We grow a lot of our own food, we do NOT make electricity but get ours from a cooperative, I feel my children are safe and I use public schools here, with very happy results. We can pretty much go anywhere and do anything we want and feel very safe. We are part of our community. Not only do we work and care for others, but when we've needed it they work and care for us. We're, individually, for the most part in this community, pretty well prepared for hard times. Most of the 'old folks' lived through them a couple of times at least in their life times and I'm 45 and we're capable of managing quite well. We don't weather 'storms' WITH our neighbors, we weather them side by side. We work hard, and protect our property and our belongings. We live pretty simply and respect others, and expect to be respected. The community that I live in will help you, if you are helping yourself! We all work, worship and play side by side. I know most of my neighbors, for miles around, and they know me. They know my kids. I wouldn't want a better community.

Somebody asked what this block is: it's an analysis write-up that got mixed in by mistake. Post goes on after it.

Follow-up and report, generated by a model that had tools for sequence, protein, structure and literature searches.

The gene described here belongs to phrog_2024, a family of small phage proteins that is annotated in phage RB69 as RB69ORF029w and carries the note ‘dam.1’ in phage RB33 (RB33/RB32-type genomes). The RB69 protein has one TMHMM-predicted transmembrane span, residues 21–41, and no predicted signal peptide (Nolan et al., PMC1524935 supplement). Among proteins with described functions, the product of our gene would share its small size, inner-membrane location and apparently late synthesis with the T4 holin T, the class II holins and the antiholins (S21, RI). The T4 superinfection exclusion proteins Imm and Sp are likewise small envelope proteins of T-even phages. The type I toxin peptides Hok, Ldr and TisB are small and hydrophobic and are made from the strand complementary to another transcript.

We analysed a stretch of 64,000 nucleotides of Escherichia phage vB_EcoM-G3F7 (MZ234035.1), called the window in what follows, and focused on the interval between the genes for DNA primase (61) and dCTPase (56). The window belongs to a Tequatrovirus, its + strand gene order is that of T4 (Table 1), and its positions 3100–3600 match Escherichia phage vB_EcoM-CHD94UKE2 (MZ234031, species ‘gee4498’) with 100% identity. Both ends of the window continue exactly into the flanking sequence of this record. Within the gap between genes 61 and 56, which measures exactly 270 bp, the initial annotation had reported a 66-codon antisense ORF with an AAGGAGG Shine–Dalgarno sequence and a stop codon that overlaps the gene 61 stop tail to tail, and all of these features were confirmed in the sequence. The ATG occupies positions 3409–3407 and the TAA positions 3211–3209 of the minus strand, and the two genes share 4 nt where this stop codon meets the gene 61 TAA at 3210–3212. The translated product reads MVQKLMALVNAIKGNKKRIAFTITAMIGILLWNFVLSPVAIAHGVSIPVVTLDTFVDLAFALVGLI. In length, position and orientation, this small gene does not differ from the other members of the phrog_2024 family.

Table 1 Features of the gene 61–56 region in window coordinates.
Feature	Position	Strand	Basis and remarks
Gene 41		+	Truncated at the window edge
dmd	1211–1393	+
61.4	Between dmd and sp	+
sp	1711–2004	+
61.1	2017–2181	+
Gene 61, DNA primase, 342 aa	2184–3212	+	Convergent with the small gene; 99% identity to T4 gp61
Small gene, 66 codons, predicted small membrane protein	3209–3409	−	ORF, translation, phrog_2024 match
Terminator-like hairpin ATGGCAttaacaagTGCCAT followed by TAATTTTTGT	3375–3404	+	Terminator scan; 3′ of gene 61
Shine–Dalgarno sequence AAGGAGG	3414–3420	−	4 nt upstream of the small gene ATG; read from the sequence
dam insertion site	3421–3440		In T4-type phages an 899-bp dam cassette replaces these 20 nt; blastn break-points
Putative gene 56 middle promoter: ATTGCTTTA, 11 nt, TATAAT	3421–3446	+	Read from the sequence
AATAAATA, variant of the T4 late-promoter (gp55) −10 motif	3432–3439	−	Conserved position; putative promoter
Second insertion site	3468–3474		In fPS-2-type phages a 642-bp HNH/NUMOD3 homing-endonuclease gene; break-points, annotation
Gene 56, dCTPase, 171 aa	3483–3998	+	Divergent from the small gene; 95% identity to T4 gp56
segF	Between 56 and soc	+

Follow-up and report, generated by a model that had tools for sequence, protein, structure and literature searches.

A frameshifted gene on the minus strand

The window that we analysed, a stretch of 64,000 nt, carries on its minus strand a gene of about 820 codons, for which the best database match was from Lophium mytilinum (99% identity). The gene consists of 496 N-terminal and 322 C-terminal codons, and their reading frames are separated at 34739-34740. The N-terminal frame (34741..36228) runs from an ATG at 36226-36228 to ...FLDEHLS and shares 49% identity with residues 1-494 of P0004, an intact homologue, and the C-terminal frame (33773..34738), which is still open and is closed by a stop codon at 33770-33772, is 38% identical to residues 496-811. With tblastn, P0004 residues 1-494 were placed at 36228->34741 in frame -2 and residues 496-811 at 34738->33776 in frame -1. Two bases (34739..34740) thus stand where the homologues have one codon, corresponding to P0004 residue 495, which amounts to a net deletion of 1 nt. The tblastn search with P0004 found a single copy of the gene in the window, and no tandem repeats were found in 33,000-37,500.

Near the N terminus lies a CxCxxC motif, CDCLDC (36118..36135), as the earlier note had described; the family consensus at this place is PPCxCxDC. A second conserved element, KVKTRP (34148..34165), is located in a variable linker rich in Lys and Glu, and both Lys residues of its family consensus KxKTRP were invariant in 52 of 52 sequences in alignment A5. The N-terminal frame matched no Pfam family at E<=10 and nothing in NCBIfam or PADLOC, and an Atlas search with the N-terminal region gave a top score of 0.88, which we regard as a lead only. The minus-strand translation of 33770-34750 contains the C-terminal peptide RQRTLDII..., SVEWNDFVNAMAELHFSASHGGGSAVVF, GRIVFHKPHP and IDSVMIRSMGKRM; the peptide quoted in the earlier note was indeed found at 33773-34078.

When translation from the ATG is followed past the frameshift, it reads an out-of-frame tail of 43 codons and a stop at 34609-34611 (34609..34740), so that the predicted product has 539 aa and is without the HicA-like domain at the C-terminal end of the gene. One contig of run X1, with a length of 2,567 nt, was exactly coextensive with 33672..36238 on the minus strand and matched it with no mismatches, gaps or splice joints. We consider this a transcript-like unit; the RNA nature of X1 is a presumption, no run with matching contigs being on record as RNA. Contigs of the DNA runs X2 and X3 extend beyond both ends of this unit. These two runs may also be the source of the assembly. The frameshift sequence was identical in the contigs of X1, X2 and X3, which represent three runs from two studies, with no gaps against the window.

Are you in a city??? and what are you fed up with?
     
  12. Piney Woods

    Piney Woods Well-Known Member

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    Just for clarification - an intentional community is not the same as a commune, and even intentional communities can be set up different from each other. Most co-housing groups, for example, have their own residence and money and life for that matter, but share the big ticket items and make their home area more hospitable and safe. For example - grouping the cars around the outside part of the community and keeping the inside area - where all the houses face - for pedestrian activities like a playground, garden, mail drop, workshop..... whatever. Residents can share or not share, as they like.